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Allen Stanford is serving 110 years in prison.

Richard Carson/Reuters

A trial over a US$4.5-billion lawsuit against Toronto-Dominion Bank for keeping accounts tied to one of the world’s largest Ponzi schemes is drawing to a close this week, as lawyers make final arguments about whether TD missed key warning signs at least a decade before the crime was uncovered.

The scheme was led by Allen Stanford, a former billionaire from Texas now serving 110 years in prison after the financial empire he built in the Caribbean was exposed in 2009 as a US$7.2-billion fraud. Investors suffered huge losses, and the lawsuit alleges that TD shares liability for that harm because it operated accounts for Mr. Stanford’s offshore companies for 18 years and either missed or ignored risks and red flags.

The TD accounts first opened in 1991 helped Mr. Stanford move billions of dollars across borders for clients who bought investment products through Stanford International Bank Ltd., or SIB, an offshore company in Antigua and Barbuda, and other companies he controlled. The lawsuit was launched in 2011 by liquidators charged with winding up SIB in an effort to recover money for 21,000 former clients of Mr. Stanford, who looted investors’ funds and lived lavishly, acquiring a Caribbean island for US$63-million, private jets, helicopters and mansions that included a 57-room “castle” in South Florida.

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The three-month trial, which is to conclude on Wednesday in Ontario’s Superior Court, featured testimony from current and former TD bankers as well as expert witnesses. Lawyers for the liquidators from Bennett Jones LLP allege that TD failed to uphold basic standards of due diligence that would have compelled it to probe Mr. Stanford’s affairs more carefully. In documents filed with the court on Monday, they claim TD was “willfully blind, reckless and, at a bare minimum, negligent in its provision of services to SIB.”

But lawyers for TD from McCarthy Tétrault LLP counter that the bank is not responsible for Mr. Stanford’s fraud because it was unaware of wrongdoing, and had no reason to suspect it was happening. In closing arguments this week, they claim that the plaintiffs’ version of events “is characterized by overstatement, high rhetoric, misstatements of the evidence, and inferential leaps which cannot be justified on the facts or the law,” according to court filings.

The bank’s lawyers said TD opened the accounts “in accordance with prevailing [Know Your Customer] standards at the time.”

A TD spokesperson declined to comment.

The type of correspondent accounts Mr. Stanford’s companies held at TD are a common lifeline for offshore banks, providing services such as foreign exchange that connect them to the global financial system. But regulators and law enforcement have increasingly scrutinized those relationships for being vulnerable to financial crime.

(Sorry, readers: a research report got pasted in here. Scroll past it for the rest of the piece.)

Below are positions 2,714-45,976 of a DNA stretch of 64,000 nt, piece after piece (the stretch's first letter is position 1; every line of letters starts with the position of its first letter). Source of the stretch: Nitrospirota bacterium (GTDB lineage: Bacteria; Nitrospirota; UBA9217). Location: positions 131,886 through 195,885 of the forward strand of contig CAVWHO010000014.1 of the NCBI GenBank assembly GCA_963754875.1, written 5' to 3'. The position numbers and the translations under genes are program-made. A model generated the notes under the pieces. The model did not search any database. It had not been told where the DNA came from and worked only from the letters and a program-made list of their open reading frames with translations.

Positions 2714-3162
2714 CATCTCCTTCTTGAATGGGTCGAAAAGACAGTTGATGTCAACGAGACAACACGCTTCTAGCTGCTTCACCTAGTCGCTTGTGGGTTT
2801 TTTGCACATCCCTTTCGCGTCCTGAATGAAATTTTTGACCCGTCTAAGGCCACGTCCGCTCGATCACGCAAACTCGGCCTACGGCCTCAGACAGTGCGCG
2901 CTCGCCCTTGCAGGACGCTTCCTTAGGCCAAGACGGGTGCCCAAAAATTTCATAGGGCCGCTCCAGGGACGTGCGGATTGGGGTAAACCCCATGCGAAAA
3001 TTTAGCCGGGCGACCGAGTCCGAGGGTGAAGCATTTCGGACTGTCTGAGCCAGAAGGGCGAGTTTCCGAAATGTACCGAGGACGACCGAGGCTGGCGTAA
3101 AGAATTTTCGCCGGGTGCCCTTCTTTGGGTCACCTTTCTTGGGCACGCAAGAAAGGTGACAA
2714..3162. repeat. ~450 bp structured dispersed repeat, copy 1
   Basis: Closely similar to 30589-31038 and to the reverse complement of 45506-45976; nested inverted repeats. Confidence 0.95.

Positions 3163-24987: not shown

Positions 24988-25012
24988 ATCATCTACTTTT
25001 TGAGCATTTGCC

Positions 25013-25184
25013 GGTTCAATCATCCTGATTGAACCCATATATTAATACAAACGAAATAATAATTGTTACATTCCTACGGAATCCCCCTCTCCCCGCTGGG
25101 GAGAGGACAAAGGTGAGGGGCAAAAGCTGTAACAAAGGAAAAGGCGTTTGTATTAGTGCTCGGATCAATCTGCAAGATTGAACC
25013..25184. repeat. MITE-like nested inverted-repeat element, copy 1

One such warning issued in 1999 is a key part of the lawsuit against TD. The Financial Crimes Enforcement Network, or FinCEN, an arm of the U.S. Treasury Department, issued an advisory that warned banks to apply “enhanced scrutiny” to clients and transactions tied to Antigua and Barbuda, where SIB was based, eight years after TD opened its first accounts for Mr. Stanford.

The advisory raised concerns about an apparent weakening of anti-money laundering laws in Antigua as well as a new regional banking regulator’s lack of independence, as representatives from local financial institutions had been allowed to act as directors on the regulator’s board.

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The advisory did not name Mr. Stanford or SIB, but news articles published at the time cited him as a target of FinCEN’s concerns. And in April, 2003, a junior TD banker e-mailed a link to an article in The Philadelphia Inquirer that connected Mr. Stanford to FinCEN’s advisory on Antigua to two bankers in charge of SIB’s accounts. Lawyers for SIB allege TD should have known about the advisory and ended its relationship with Mr. Stanford.

But Stephen Cullen, TD’s relationship manager who handled the accounts at the time, said he was unaware of the FinCEN notice. Two bankers who later took over the accounts from him, Bill Sebenski and Tarik Muzaffar, claimed similar ignorance at the trial, saying they “do not recall” making a connection between FinCEN’s warning and Mr. Stanford, according to court filings. Lawyers for TD say the bank became aware of the advisory “at some time after it was issued.”

“TD Bank did not have actual knowledge … that SIB was committing fraud,” the bank’s lawyers said.

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